What the heck is TGA approved and do I need it for my product?

Imagine this: you had a great idea for a new, all natural, no nasties moisturiser and you’ve been working on perfecting your product for months. Finally, you are ready to launch your first batch into the market only to find out you need to get it TGA-approved. Say what? To ensure you don’t throw your blood, sweat and tears into the “too hard basket” we spoke to Dr Vivian Tam who just launched Zilch Acne Formula to find out exactly how you get over this obstacle.

What does TGA-approved actually mean?

The Therapeutic Goods Administration (TGA) is an Australian Government body that regulates medical devices, drugs, and any item that claims therapeautic benefits from its use (supplements, herbal medicine etc). Their main role is to control quality, safety and efficacy of therapeutic goods that are used and sold in Australia, regardless of where it is imported from, or made in the world. When something is TGA approved, it means it has gone through a VERY thorough application process to be approved to be safe for the public to use and buy.

Here’s a good example:
When I prescribe an Acne Chinese medicine (herbal) formula to my patients when they attend an appointment at the clinic, the Chinese herbal medicine does not need to be approved by the TGA because it is being prescribed/formulated and administered by a registered practitioner (the risk to a patient is low, and the liability is on the treating practitioner). However, if this same formula was to be bottled up and a consumer was able to buy it off the shelf at a store, or order it online, without seeing a registered practitioner, the product needs to be TGA approved to be safe enough for someone to take without professional assessment.

What are some items we may be surprised to find on the TGA list?

Because anything that claims therapeutic benefit (eg: “helps nourish skin” or “can help maintain healthy digestive system”) must be TGA approved, so many everyday products we use are found on the TGA list.  Some of these products include sunscreens, vitamins, moisturisers… even vitamin E oil! An interesting one is medical devices and vaccines, too.

Break it down for us, what are the steps you need to take to get your product approved and on the market?

The TGA process is a very lengthy and tedious application process. Every little detail needs to be provided to them to approve the product. Even the registration request to become a sponsor to start a TGA application is a process!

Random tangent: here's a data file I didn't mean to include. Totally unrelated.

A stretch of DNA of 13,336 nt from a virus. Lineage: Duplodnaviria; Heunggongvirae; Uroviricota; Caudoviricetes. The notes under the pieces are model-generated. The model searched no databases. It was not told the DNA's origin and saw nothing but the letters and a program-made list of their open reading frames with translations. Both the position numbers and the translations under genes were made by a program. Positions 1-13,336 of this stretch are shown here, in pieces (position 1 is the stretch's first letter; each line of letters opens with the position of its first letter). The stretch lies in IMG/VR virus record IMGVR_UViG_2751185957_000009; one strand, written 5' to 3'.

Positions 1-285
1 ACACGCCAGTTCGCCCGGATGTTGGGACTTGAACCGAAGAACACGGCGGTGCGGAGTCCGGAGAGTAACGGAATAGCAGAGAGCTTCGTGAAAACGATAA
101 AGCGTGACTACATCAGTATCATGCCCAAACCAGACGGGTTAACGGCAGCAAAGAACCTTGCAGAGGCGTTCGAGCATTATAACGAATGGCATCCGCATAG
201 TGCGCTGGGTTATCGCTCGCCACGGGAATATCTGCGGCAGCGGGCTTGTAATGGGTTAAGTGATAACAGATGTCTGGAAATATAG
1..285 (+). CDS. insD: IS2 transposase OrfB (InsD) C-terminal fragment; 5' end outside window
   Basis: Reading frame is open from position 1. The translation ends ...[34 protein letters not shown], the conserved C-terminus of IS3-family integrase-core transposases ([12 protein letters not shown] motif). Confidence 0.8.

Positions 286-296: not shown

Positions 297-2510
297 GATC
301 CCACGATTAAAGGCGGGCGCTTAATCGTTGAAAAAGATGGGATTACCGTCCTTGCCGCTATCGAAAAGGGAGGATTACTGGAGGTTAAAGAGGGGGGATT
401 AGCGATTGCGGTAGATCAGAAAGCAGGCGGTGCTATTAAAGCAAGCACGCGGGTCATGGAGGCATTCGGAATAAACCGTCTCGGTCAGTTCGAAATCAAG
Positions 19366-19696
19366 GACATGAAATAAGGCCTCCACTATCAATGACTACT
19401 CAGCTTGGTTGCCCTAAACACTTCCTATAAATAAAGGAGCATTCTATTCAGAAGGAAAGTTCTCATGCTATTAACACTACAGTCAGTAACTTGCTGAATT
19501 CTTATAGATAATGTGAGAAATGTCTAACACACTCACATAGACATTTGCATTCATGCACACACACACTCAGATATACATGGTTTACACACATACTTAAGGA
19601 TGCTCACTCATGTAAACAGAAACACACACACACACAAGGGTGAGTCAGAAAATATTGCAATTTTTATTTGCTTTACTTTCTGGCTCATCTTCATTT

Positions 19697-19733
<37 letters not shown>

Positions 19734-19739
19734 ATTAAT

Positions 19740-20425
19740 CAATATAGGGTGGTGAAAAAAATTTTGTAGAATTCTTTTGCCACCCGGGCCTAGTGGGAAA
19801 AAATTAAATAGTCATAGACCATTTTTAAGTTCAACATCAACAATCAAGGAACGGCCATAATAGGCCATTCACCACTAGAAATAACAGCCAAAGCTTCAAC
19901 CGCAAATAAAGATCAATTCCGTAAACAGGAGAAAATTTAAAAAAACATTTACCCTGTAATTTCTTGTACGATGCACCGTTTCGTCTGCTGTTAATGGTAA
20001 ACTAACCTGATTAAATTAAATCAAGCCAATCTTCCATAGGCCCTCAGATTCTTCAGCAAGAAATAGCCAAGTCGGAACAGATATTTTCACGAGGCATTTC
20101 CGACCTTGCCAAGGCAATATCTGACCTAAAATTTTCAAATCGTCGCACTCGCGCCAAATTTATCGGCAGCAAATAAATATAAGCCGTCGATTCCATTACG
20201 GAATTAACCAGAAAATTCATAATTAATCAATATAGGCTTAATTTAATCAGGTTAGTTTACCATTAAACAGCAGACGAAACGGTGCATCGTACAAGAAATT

So in summary, I had to:

1. Register to be a sponsor. A sponsor is the person/company involved with making the application for the product approval.

2. When that is granted, you are given a password and username to log into a TGA portal.  I then deciphered my way into how to create a new application, and got started.

3. You plug in as much information as possible. You provide details such as: ingredients (and details down to which part of a plant you’re using), weight (in their units, and indicated active ingredients in ratio and percentage per tablet/gram/capsule/whatever form your herbs are in), indications (wording of this is very strict. cannot claim to treat, or cure, just “assist”), contraindications, warnings. You have to tell them what the components of these herbs are: for eg: ginger has components zingiberene and bisabolene, so ginger is not just ginger. You need to state every specific step in the processing of the herbs, eg what solvent is used in the extraction steps, how is it granulated and what is the binder etc. All this is in percentage and ratios.

You only get one shot at most of the information enter, because once its entered and approved, changing any detail (even the name, or the indications etc) will incur a change fee. Three or more changes, then it becomes a new application altogether.

4. You must separately (still through TGA portal) apply to have the manufacturing facility GMP clearance approved by sending them certifications and information about the type of facility, what they are approved to make in that factory, etc, etc, etc. There is no detail too small! Once you get the factory GMP approved, you get a clearance ID which is then plugged in to answer one of the questions in your TGA portal as part of your application.

5. When you go to send the application in, there is a button that is “verify” … The portal will verify and assess the information that is in the portal, and come up with a whole list of things that need to be added, or elaborated on, so you go back to research that info, and plug it in. This process happens over and over until the TGA is satisfied with the information, in which case the application will actually get accepted.

6. When accepted, the TGA can take weeks or months to return to you with an answer for certification.

How long are we talking here?!

My process for Zilch started in January, and I was granted approval in October that year. I think I was lucky as I was fast tracked with the GMP clearance ID. There was a few months wait to get the clearance ID but I sent several emails stating urgency due to manufacturing contracts etc.

Related Posts
Profile photo of Charlotta Backlund
Charlotta Backlund


Skip to toolbar